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So I just produced this song with some different MIDI instruments playing parts in it. I feel like I will need the key to be transposed up a few steps (because I need to sing the song in a higher key). I’m not sure if I trust Musical Functions > Transpose to transpose the chords of each instrument. I’m concerned that transposing chords up or down would cause a lack of what kind of chord voicings are needed for the music to flow realistically.

With that said, would it be better to manually go through the chords of each instrument and transpose them myself (being conscious of chord inversions), or would using Studio One’s Transpose feature be accurate for this process? I’ll admit, it would be nice to quickly program the key change, but if making changes manually would be more effective, I’ll gladly do that too. I’d appreciate some thoughts on this...

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by mycbeats on Tue Jun 22, 2021 5:32 am
From the inspector, there is a transpose for each instrument track.
The voicing has to do with the relation between the notes and won't change, majourity of the changes to the "vibe" will be because you're so accustomed to hearing it in the original key.

What you may notice is that your drums can sound weird, I personally find that, although I don't tune my drum samples, when picking my drums I naturally find ones that suit, and transposing everything else may ruin this.

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by Lokeyfly on Tue Jun 22, 2021 1:28 pm
astokesmusic wrote........would it be better to manually go through the chords of each instrument and transpose them myself (being conscious of chord inversions), or would using Studio One’s Transpose feature be accurate for this process? I’ll admit, it would be nice to quickly program the key change, but if making changes manually would be more effective, I’ll gladly do that too. I’d appreciate some thoughts on this...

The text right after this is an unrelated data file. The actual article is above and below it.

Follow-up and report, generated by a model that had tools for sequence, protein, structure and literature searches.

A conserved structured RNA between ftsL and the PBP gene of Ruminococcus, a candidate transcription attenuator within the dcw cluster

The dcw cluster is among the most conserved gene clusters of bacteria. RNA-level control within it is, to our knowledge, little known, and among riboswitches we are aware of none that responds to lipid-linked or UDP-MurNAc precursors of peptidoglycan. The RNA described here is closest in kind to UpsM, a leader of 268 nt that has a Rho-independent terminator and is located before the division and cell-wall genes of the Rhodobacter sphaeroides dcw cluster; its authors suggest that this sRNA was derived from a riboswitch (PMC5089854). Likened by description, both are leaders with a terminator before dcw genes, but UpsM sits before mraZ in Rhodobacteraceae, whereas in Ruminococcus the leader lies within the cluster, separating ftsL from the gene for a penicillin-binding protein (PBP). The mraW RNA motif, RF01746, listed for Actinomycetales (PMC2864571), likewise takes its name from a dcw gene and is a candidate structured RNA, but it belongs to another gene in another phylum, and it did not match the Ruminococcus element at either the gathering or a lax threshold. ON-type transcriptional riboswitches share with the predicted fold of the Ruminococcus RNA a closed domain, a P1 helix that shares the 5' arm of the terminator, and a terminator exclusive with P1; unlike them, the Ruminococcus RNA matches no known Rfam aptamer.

Hey astokesmusic, Yeah, that's always a question to grapple with. The answer usually exists with experimenting towards what tracks you're working with. Transposing chords will always have more complexity to them, along with likely deeper harmonic content. The technology is still evolving and some programs get a little closer than others. It's about 50/50 between manual, and auto converting.

The short if it is, MIDI will be easier, than audio for the obvious reasons over waveform complexity when transposing. The chord track feature in Studio One is fairly straight forward, almost to a fault. At times chord ID may get lost with some chords deeper than triads, or notes continuing through from other chords. That's probably understandable, but when called upon to transpose, it can be tricky to properly invert. I'm pretty Ok with Studio One's chord track as I'm finding more and more uses for it.

I find manually arranging chords works best but takes the longest. You can always drag the event up to the chord track to see if it registers properly, but I tend to use my ear over what is registering in the chord track. Copying successful conversions also speeds up the process.

For audio events, you can try editing in Melodyne Editor, or Studio version, because of the Polyphonic editing capability. Still, it's tricky because depending on the instrument or sound complexity, and range, the blobs registered in Melodyne sort of pick and choose harmonics on its own. Still, it's pretty impressive and also works a good portion of the time!

Transposing an event from the Track Inspector is very good on a single note, or for chords not transitioning, but that's it.

The benefits of getting chord changes right are really quite impressive in Studio One. Particularly when you're adding tracks, vocals, or chord phrasing then seeing the notes properly displayed in the event. It helps playing along with them! What's equally as cool is bouncing the events, the chord ID remains and is displayed in the audio event! Which is pretty astonishing.
Good luck. Let us know how it works out for you.

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